Publications

Perspective Vol. 3
Submerged Lands


Waterfront development is on the rise in South Florida, and property owners/developers are looking to add docks and other improvements along their shoreline. There is a shortage of boat slips in South Florida, and available dock space increases property values substantially. In conjunction with the environmental regulatory permitting process, submerged land ownership issues need to be addressed prior to planning a new or reconstructing an existing docking facility. The question of "who owns/controls the submerged lands at my waterfront property" is a common concern when planning a docking facility. Furthermore, existing waterfront property owners in the Biscayne Bay Aquatic Preserve need to address the "grandfather" clause for submerged lands under existing multi-slip docking facilities. This perspective explains the different types of submerged lands, and provides an overview of the process to obtain submerged lands leases from the state regulatory agency, the Florida Department of Environmental Protection (FDEP).

Types of Submerged Lands

There are generally two types of submerged lands in the State of Florida:

  • Privately owned
  • State owned
Privately owned submerged lands are actually deeded to a specific owner, and recorded as a tract of land defined by a legal boundary. An environmental professional, professional surveyor or attorney can assist in the determination of privately owned submerged lands. The majority of waterfront developments do not own the submerged lands in front of their property, mainly because these tracts of land were deeded in the pre-1960's. Once deeded, previous owners often filled the entire deeded area for development. Submerged land ownership presents an owner/developer with more waterfront structural options (docks, marinas, etc.). However, they are still regulated by the environmental resource permitting process through the FDEP or Water Management District. The majority of the submerged lands are owned or controlled by the state.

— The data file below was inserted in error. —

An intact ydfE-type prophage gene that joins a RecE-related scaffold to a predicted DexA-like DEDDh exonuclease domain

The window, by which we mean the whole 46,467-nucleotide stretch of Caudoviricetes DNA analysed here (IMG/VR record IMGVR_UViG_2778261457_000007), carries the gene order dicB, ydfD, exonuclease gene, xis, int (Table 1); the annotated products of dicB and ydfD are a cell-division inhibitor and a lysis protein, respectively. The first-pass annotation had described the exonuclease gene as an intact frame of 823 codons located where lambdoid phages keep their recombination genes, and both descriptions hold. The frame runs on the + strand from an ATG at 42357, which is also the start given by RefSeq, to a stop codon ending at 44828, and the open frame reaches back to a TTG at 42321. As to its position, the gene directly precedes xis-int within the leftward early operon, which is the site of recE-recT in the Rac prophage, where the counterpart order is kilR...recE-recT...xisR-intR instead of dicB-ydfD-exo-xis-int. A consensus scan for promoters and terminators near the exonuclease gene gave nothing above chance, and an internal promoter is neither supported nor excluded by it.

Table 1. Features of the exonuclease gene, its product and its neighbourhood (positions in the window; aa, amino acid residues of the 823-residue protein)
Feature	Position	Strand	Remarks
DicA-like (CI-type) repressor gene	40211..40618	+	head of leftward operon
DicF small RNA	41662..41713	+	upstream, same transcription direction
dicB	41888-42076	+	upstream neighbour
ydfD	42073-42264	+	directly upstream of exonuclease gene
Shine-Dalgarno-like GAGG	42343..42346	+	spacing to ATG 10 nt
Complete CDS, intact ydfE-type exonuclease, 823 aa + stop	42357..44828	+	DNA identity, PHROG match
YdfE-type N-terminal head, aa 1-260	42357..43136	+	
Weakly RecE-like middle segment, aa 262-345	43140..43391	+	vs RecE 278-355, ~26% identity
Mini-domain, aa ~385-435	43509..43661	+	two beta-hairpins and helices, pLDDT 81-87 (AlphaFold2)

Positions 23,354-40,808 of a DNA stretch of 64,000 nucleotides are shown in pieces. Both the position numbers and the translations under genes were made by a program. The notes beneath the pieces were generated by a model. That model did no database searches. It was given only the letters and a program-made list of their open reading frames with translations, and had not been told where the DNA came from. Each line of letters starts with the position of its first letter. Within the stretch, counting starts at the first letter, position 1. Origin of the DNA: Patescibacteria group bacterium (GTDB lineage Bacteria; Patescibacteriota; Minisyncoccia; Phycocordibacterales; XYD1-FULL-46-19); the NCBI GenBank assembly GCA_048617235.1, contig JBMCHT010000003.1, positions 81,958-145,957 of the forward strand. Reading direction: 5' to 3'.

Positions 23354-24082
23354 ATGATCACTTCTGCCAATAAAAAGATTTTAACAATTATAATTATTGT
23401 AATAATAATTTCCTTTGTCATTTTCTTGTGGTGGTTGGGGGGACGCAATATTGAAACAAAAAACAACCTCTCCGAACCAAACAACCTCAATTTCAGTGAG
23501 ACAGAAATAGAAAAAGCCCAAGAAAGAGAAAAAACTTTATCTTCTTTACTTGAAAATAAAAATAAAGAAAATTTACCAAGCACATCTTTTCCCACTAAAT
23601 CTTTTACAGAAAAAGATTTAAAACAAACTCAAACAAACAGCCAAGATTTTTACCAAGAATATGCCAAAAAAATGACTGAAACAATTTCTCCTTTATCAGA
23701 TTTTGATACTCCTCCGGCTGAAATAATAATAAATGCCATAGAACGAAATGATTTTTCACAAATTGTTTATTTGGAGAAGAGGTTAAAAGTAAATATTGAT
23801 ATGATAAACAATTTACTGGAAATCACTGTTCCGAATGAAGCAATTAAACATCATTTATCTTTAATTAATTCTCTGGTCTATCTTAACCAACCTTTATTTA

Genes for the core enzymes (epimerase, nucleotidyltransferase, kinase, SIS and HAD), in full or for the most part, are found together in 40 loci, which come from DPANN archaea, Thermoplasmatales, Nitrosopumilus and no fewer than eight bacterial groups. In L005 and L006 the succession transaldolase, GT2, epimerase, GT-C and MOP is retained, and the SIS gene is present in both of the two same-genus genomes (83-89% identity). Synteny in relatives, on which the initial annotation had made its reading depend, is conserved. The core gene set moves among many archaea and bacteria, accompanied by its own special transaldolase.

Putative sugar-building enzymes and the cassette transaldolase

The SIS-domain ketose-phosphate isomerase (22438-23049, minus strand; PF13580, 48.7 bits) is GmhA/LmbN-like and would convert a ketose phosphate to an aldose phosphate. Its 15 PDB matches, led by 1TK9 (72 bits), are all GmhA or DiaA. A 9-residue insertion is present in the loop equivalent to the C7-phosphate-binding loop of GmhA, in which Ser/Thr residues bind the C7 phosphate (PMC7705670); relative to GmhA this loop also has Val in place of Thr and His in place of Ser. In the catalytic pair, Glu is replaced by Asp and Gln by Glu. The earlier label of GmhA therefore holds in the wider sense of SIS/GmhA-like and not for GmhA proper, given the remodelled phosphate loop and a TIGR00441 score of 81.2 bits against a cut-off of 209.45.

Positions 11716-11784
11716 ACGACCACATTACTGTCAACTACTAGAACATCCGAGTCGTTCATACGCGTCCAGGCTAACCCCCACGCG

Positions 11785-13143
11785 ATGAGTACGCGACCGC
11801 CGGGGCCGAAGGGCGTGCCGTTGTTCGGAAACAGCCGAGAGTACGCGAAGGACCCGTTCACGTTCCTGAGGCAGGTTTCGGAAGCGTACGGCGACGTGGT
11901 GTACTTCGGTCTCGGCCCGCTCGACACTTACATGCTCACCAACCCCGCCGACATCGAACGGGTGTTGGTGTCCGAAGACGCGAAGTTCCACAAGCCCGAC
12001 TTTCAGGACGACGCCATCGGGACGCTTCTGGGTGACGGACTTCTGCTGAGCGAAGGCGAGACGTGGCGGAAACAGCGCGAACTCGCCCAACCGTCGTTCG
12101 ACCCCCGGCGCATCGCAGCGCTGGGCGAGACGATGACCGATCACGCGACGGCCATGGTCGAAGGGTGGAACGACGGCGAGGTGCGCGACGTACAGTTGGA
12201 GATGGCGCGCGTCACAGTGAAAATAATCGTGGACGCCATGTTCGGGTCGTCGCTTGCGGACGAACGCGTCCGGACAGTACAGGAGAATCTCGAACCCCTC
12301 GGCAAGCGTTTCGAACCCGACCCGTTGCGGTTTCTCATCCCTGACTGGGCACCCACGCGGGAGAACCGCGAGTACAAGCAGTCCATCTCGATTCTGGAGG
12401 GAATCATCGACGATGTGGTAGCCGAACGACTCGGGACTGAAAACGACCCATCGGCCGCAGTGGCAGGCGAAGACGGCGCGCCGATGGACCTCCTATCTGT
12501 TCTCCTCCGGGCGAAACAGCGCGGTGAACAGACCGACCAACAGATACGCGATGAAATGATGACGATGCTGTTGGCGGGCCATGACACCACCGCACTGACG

Sovereign submerged lands are those natural or historically submerged lands owned by the State of Florida, either by right of statehood or by deed or grants. They include tidal lands, islands, sandbars, shallow banks, and lands waterward of the ordinary or mean high water line, beneath navigable fresh water or tidally influenced water.

The lands are held in Trust and managed by the FDEP or the various Water Management Districts, serving as staff to the Florida Cabinet sitting as the Board of Trustees of the Internal Improvement Trust Fund of the State of Florida (Board of Trustees).

Any activity proposed on or near submerged lands or both private and state, requires proprietary authorization from the FDEP. A determination of the appropriate form of authorization required is dependent on the size, location and use of the proposed activity/structure. With regard to the regulatory aspect of the project, any activity within the waters of the state is subject to the permitting requirements of the FDEP or agencies with delegated authority. Regulatory exemptions are available for certain activities; however, there are no proprietary exemptions for any activity on sovereign submerged lands.

Types of Proprietary Authorization

If a determination is made that the state controls the submerged lands at a particular waterfront property, a proprietary authorization can be secured if the planned waterfront activity meets the following criteria:

Consent Of Use: Issued for activities, which may be exempt from obtaining regulatory authorization from the DEP. These activities include:

  • Single-family docks which do not exceed 10 sq. ft. per linear foot of shoreline owned by the applicant.
  • Installation of mooring piles, seawall's, boat lifts within authorized facilities.
  • Repair or replacement of private docks, mooring piles, seawall's, boat ramp at or within 1 foot of the mean high water line.